NEW YORK (Real Money) -- Perusing The New York Times mobile site, as I do on infrequent mornings when I'm not by my hard copy, I came across this piece on risk, asset diversity and retirement by Tara Siegel Bernard. The article tried to use the recent JPMorgan Chase (JPM - Get Report) $3 billion trading loss as an example of mistaken risk management that common investors might learn from. On that premise alone, the piece was silly. But even more silly was that it appeared as one of the most emailed articles on the site, which convinced me of the deep ignorance most investors still hold regarding the capital markets right now and the opportunities in it.

Most of the "truths" of retirement and risk on which we've depended for decades simply no longer exist, and most of us here at Real Money write for you (perhaps unwittingly) as if you already understand that. This might be a mistake, so here's a primer on the most important changes in investing you need to know about, just in case you still cling to the foolish notions that made Ms. Bernard's piece so well-distributed. If these few points strike you as being far too obvious to mention, chalk it up to the fact that you are much better equipped to care for your own money than the vast majority of New York Times readers seem to be -- and that you'll be richer for it.

1. Asset class correlations are higher than ever: There was a time when you could diversify inside stock sectors inside your portfolio and feel relatively safe, adding perhaps a bit of gold as a diversifier, or oil, or other currencies. Those days are over. While stock-picking or asset-class-diversification aren't entirely dead, the correlations among classes continue to rise, as does the volatility. So no matter how you try, if you are taking on assets such as stocks and commodities, there is ever more risk to them. As a result, everyone hopes to blunt that increased risk by turning to fixed income -- but:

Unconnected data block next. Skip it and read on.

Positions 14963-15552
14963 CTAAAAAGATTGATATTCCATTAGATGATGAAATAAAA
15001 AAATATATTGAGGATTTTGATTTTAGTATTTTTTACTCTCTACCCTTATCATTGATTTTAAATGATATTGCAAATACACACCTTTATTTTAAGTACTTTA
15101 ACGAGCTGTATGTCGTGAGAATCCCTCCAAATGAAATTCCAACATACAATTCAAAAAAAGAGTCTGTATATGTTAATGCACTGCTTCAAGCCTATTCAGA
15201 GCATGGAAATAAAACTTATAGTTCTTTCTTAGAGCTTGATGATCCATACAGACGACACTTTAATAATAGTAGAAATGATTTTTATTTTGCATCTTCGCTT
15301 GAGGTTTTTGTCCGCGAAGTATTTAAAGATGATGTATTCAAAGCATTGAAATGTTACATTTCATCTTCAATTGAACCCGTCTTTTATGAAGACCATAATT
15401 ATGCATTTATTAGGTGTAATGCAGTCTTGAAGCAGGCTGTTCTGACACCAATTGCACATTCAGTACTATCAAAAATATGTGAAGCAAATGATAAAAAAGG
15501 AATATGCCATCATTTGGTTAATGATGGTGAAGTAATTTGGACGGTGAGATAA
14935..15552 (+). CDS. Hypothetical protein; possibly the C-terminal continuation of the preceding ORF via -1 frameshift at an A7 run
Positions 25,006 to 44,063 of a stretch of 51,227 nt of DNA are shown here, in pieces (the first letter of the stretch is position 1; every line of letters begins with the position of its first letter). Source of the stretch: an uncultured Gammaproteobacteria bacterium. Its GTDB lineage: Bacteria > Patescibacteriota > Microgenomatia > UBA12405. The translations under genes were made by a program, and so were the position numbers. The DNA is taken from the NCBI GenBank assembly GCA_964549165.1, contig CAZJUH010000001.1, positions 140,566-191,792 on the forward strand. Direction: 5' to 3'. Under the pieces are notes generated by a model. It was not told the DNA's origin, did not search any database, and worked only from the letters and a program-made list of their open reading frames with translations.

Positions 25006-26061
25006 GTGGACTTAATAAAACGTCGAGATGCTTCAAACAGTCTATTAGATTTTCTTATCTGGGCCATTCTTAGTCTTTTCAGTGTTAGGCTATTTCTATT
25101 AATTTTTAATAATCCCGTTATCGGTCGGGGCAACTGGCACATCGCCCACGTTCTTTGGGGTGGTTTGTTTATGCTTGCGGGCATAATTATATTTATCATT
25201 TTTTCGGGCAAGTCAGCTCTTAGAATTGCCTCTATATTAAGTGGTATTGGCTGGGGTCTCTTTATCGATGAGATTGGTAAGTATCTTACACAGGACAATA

2. Bonds are not risk-free. There was a time when bonds of all stripes were considered almost devoid of risk, at least as compared with equities. Municipal defaults, sovereign-debt credit default swaps and Greek and Spanish yields should convince you that fixed income now runs the gamut of risk -- and yet, despite all this:

3. Bond yields are relatively low. Fixed-income investing has always been about the chase for return, but never more so than what's been of late, since the great deleverage of 2008. Yield spreads aren't particularly narrow, but that's obviously because U.S. Treasury yields are so sparse and are likely to remain that way for years to come. So high-yield is still clearly high-risk, all while Treasuries at the short end of the curve are bounded by zero and don't legitimately have much more to give. The bottom line is that fixed income is hardly a free lunch -- and, while it's an important part of a diversification plan, it is not by any means a safe haven from the risks of stock markets.

All of this leads to the thought that at least some of your investing will have to be done nimbly -- that merely allocating resources and taking a nap for a year or more just won't work in the modern investing world. It is why you are a subscriber here at Real Money: You recognize that at least a portion of your investment dollar needs to be moved rather boldly around in order for you to stay ahead. That's where we try to help.

Using the tired old axioms of diversification and savings is no way to avoid risk in the modern markets. But knowing that will help you prepare for the decisions you need to make in order to keep your money safe and growing.

At the time of publication, Dicker had no positions in the stocks mentioned.